6 Billion Billiard Balls

by Martin Auer, Austria

Here I am, right in the middle of it all.

 Here I am, right in the centre of the web.

 Not because I'm so special.

It's just that I'm in the centre, because the centre can be anywhere, and everywhere is the centre. Here I am, right in the middle of it all, right in the centre of the web. The night is dark and I'm sending out signals to anyone out there who happens to see them.

 I know you are out there. I know you are there, there's six billion of you, and any of you might receive my signals, but most of you never will. And most of you never will know I even existed, and most of you wouldn't care anyway.

 So here we are, six billion souls who don't know each others name or address, and couldn't remember even the thousandth part of alle the names and addresses, even if we cared to.

 But yet - anything I will do will in some way affect each and every one of you. We are 6 billion billiard balls on a round table with no borders. Whenever I hit any one of you, this will cause you to change your course, so you will hit yet another one, whose course will also be changed and so on and so on and so on. And we all are players and balls at the same time, trying to make our way, but never knowing what will be the outcome of our moves, always wondering why it never is what we planned it to be, only sure that one day we will end up in one of those little holes in the corners of the table which is round but still has a corner with a hole in it for each and every one of us..

And this is because we are too many balls on the table, so we never can follow the paths of all of us, never can figure out what the results of our moves will be. I don't know which child will starve, just because I decide not to buy coffee from Mexico any more. I don't know if maybe, by buying a Japanese car instead of a German one, I help build up a tension which will, among other things, cause a war between Russia and Poland in two years time. No, we are too many to figure out where this giant snooker game will take us, 6 billion balls and 6 billion players, all playing simultaneously.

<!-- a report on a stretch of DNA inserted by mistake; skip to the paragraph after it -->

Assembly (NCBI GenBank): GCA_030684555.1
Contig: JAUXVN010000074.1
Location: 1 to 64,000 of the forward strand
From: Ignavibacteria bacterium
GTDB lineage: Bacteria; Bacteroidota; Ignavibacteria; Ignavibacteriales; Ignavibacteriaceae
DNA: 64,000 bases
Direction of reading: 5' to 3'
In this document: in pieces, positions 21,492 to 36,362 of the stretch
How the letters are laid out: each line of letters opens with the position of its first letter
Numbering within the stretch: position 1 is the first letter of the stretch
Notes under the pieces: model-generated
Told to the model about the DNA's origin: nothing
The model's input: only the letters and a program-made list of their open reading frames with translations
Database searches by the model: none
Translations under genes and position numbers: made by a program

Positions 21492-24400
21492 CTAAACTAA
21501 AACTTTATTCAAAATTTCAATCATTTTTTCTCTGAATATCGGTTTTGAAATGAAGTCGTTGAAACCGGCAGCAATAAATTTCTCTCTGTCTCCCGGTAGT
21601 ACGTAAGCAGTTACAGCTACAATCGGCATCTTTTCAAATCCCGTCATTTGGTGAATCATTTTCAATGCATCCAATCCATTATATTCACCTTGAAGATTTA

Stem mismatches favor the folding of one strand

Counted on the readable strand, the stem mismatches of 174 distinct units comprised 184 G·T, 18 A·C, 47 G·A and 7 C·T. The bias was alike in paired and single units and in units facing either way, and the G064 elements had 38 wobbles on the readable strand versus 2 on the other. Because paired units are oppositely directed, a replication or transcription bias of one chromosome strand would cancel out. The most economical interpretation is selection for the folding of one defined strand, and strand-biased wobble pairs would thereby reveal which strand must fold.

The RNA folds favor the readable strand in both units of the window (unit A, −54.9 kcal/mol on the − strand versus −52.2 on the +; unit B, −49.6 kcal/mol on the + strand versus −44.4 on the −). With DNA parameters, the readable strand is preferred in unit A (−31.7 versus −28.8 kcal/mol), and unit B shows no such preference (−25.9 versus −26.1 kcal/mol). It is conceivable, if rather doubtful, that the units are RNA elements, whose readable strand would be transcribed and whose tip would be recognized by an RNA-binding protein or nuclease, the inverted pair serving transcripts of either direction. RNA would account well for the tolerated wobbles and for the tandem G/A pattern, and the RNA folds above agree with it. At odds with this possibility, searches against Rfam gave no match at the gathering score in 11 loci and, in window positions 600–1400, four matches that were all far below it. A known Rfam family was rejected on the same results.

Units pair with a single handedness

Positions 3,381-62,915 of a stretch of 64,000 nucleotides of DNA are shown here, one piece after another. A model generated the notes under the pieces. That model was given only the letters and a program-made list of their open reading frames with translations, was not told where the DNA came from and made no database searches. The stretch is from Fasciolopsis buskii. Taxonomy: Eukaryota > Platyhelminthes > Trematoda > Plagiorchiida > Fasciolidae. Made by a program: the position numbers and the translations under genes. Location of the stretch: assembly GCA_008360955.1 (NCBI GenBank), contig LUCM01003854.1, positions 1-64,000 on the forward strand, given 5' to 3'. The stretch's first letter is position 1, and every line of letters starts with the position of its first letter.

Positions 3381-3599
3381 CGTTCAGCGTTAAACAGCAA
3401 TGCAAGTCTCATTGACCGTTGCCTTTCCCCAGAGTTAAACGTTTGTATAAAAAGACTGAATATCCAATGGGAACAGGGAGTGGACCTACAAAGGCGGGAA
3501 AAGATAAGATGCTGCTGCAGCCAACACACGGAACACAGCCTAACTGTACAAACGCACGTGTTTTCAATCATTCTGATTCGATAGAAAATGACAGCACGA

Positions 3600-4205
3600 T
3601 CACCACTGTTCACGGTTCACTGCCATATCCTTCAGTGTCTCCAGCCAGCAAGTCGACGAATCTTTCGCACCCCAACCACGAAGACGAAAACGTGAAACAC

But still - if you were all lined up in a row and I would shake hands with four of you every second for 12 hours a day, it would only take 95 years to do it. It just could be done.

 Or one person can speak to 10.000 other persons in a concert hall without the aid of even a microphone. So if I were to hold twenty meetings a day, each lasting half an hour, with 10.000 people attending each meeting - it could be organised - I could talk to 200.000 of you a day, without using a microphone, just from person to person. After 82 years I would have talked to each and every one of you.

 But what would I tell you? And would I ever have time to hear you answer? Of course not.

 But what if you were to send me messages? Each of you a single line of 25 letters just to state how you are feeling. Like: "Hi Mart, I'm fine, thanks", or: "I've just lost my husband" or: "Hi, just dying of malaria". That would be 150 billion characters or 75 million pages. Well, even if I read 20 pages an hour for 16 hours a day it would take me 600 years to read all your messages. But if you would only send one message per family (and there are some large families out there, I know), than maybe I could read them all in my lifetime.

So you see: we aren't that many really. We aren't so many we couldn't talk to each other. or care for each other, or consider what it is we are inflicting on each other.

We just could take our lives in our own hands and talk things over with each other and see what it is everybody needs and dreams about and see what we can do about it.

Here I sit right in the middle of it all, right in the centre of the web, sending out signals into the dark.

I would like to know how lighthouses feel. 

This text has inspired:
"Smaller Things" by Michael McNeilley
"And Yet" by Cynthia Scher
"Lighthouses and Billiard Balls" by Jerry Dreesen
"Power on" by Dominik Tröger
"Rambazamba" by Guntram Balzer
"The Man on the Moon" by Evonne Fenn
"momentum" by Laura Smitt
"Anstoß" by Andreas Bäcker
And maybe your story?

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